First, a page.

Do you have a plan to vote?
Let us tell you the information you need to register and cast a ballot in D.C.
By 6 p.m. last night, the crowds at ChurchKey were three deep at the bar as people anxiously waited for Neighborhood Restaurant Group’s forthcoming Bluejacket brewery to debut its first collaboration beer. It was supposed to have arrived hours or days earlier. Luckily, the wait was worth it.
Although there were dozens of rare beers to taste, the most anticipated of the evening was Snack Attack—an odd but tasty peanutty confection created in partnership with Florida-based breweries Cigar City and Funky Buddha at Cigar City’s facility in Tampa. The limited-edition imperial porter flavored with dry-roasted peanuts, Key West sea salt, vanilla beans, cacao nibs, and lactose will still be available on draft as of ChurchKey’s 1 p.m. opening today.
Bluejacket head brewer Megan Parisi and Neighborhood Restaurant Group beer director Greg Engert developed the recipe in March during a lengthy email conversation with Wayne Wambles of Cigar City and Ryan Sentz of Funky Buddha. “We all love food and beer, so we wanted to do something that was either for pairing with food or inspired by it,” Engert says. “Ryan had just gotten home from vacationing in South Carolina, I think, and he was in love with salted chocolate.”
Wambles proposed layering the salt and chocolate flavors onto an imperial porter base; Sentz suggested adding truffle oil, an idea that was rejected due to the ingredient’s volatility. Eventually the beer evolved into a movie-snack-themed concoction with malts providing caramel and raisin notes to complement the peanuts, vanilla beans, and cacao added during secondary fermentation.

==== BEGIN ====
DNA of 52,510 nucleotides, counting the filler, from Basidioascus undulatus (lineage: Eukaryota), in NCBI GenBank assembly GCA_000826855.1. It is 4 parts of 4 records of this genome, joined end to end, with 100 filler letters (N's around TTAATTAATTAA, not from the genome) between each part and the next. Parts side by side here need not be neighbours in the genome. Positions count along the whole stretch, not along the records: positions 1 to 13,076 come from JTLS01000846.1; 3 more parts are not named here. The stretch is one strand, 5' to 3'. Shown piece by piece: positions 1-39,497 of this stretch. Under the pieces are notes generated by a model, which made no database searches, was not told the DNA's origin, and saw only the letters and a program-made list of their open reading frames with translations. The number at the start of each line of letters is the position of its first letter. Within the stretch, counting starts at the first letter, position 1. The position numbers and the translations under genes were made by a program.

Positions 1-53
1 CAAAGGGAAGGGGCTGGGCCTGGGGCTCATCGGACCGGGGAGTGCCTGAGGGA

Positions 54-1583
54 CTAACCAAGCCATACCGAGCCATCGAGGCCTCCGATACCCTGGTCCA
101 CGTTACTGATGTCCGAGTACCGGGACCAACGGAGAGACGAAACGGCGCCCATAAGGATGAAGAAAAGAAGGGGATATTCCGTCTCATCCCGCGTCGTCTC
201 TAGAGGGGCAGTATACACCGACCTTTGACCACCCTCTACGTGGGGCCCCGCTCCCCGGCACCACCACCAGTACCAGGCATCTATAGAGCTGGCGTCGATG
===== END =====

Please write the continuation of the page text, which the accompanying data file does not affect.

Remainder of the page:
The result? Stick your nose into a snifter of Snack Attack and you’ll immediately get a whiff of peanuts with hints of chocolate, vanilla, and licorice. The peanuts, in fact, are a bit overpowering, and you might have to really search for other aromas. The beer is thick and candy-like—a meld of peanuts, raisins, and chocolate with noticeable salt. It hides its 10 percent alcohol content surprisingly well.
Expect more big beers from Bluejacket in the weeks to come. Future collaborations include a Belgian-style quadruple brewed with plums and rosemary and a smoked Scotch ale.
In the meantime, try to snag some Snack Attack while it lasts, although Engert anticipates saving a few kegs for later. It’s an unusual beer for sure, and probably not something you’d want to drink more than one of. Four ounces was enough for me. But it’s definitely worth trying, and it hints at the boundary-pushing brewing that Bluejacket will surely become known for when it opens next year.
Photo by Daniel Fromson